The aim of this exhibit is to examine the work of mid-career artist Lisa Frank and her contribution to, as well as appropriation of, popular youth culture. The retrospective is made possible by donations from collectors who have maintained their interest in Frank's work from their 90's child-hood into young adulthood. The title of the exhibition is a reference to the posthumous retrospective of Alexander McQueen, entitled Savage Beauty. The link is made to inquire the status of how commercial artists can enter and influence the often self-proclaimed autonomous zone of "fine art". The curators seek to encourage debate on how and if commercial artists should be recognized in the arts. The collection ranges from school supplies from the mid-90s to more recent products and apparel marketed towards the nostalgic twenty-something. Furthermore, the curators selected several official Lisa Frank "flashbacks" from her facebook page. These works were selected because of the iconic status they received or they represented departures in Frank's usual practice.
Our overall objective was to investigate the relationship between fine art and commercial art using the vernacular of a haute couture retrospective. Lisa Frank designs are iconic to people of our generation, and we wanted to critically explore this commodity. We chose to take Lisa Frank's designs out of their traditional commercial environment and display them in a way to change their purpose. Our curatorial decision to change the product's original context became our mode of critiquing the assumption that expensive products are closer to fine art because of its social status.
The process of organizing Rainbow Beauty began with research into the iconic objects and characters that define Lisa Frank. From this we decided on key objects that should be in the show, such as school binders and pencils, as well as stickers and stuffed animals. The first challenged we faced was from the lack of information on Lisa Frank's career and even Lisa Frank herself. There was very little information behind her inspirations, changes in style, and personal life. We decided to contact the Lisa Frank team and successfully reached her personal assistant, Jacqueline Gambrell, who expressed enthusiasm for the project on Lisa's behalf but was unable to provide us with more biographical or artistic information.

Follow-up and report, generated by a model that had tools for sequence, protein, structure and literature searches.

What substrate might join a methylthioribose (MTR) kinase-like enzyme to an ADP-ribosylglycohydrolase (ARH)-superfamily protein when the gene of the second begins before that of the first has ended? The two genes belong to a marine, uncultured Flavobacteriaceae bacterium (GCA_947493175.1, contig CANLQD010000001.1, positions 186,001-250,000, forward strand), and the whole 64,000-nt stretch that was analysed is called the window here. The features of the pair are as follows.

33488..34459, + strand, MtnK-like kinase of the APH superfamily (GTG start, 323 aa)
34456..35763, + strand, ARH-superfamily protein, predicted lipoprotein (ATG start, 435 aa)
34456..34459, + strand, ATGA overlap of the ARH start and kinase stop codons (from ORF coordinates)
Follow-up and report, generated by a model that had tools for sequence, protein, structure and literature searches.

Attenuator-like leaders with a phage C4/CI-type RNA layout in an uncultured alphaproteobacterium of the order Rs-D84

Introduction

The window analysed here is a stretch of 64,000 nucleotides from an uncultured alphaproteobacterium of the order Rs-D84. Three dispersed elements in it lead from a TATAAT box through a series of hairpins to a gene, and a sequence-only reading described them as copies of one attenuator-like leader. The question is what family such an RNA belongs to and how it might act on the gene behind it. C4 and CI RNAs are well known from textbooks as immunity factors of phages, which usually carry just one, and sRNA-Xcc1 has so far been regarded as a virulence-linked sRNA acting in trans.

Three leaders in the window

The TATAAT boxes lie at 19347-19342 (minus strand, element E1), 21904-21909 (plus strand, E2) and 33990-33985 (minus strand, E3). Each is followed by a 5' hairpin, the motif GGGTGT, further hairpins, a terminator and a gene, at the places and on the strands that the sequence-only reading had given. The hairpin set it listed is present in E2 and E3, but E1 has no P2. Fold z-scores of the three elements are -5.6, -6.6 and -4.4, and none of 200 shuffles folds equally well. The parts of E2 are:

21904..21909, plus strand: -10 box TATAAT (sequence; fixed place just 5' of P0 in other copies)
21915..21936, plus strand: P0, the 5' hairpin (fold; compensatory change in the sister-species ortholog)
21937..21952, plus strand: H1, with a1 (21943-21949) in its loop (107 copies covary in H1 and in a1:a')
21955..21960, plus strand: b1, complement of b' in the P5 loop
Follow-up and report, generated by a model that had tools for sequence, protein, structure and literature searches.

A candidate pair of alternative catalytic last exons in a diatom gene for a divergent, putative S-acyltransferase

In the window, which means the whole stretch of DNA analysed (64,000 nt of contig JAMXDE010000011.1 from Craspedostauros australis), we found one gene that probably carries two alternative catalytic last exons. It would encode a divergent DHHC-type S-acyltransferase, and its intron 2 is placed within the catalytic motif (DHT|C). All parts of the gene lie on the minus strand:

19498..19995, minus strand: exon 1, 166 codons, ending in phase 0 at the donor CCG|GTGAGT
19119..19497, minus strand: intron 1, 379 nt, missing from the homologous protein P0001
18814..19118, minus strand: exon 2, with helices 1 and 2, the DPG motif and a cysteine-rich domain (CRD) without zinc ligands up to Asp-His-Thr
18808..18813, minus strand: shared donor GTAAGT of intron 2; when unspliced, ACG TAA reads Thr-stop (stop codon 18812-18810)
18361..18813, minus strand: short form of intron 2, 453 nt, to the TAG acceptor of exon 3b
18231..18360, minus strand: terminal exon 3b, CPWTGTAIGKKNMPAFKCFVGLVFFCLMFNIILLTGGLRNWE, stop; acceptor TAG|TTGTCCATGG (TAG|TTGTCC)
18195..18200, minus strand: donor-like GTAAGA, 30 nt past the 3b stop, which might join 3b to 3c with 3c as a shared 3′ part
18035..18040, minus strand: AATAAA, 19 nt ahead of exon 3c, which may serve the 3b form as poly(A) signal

Next came the solicitation of artwork from Lisa Frank fans in the Brown community and at home. Many students and friends were enthusiastic about the retrospective, and by the end of April we had collected over a dozen objects from personal collections. We had received all the items we had hoped for except a stuffed animal, so that was ordered off the Lisa Frank website to complete our exhibition vision. The only other piece that is not from a private collection is the Flashbacks print. We then devised ways to display these objects in the Underground in the Campus Center, which was the next challenge. Items in that space cannot be hung directly from the walls because they're brick; instead we had to hang from the ceiling. Our solution came in the form of display boxes, which we crafted to hang by fishing wire. Since the Lisa Frank artifacts were borrowed from collections and were going to be displayed in a public space, our main concern was safety. We covered the items in the display boxes and the stuffed animal with plexiglas to deter theft.
Last came the installation process, which was the more difficult than we had anticipated. We wanted the show to resemble a traditional art exhibition, but there were not many spaces we could attach things to the wall, and no mounting tape or attachments would stick to the brick. Most items were able to be hung from the ceiling and luckily, the Underground has a built in shelf in our display area that we used for our binders and bags, or else our display methods would have to be rethought. Overall, this was the biggest challenge in our curatorial process.
The Lisa Frank Retrospective was held in the Underground of the Stephan Robert Campus Center of Brown University. This space is open to the students during the day, and occassionally hosts events and meetings. We felt the space would be appropriate for the retrospective because of the flow of student and workers, and for it's aesthetic qualities. Though it is not the traditional "white box", the brick and the industrial features lend to an alternative atmosphere, reminiscent of a warehouse show. The show also included a handout detailing the purpose of the retrospective.
The final exhibition included twelve items, three of which are various assembled supplies in display boxes. Our biggest supporter was Chihiro Hashimoto, who lent us a large portion of his collection for the show. The artifacts include:
Lisa Frank Flashback poster
Hunter Stuffed Animal
Casey & Claymus Folder
Sheet of Assorted Marine Animal Stickers
Various small school supplies such as pencils, notebooks, and tape.
Angel Kitty Bag and Binder
and Party Flags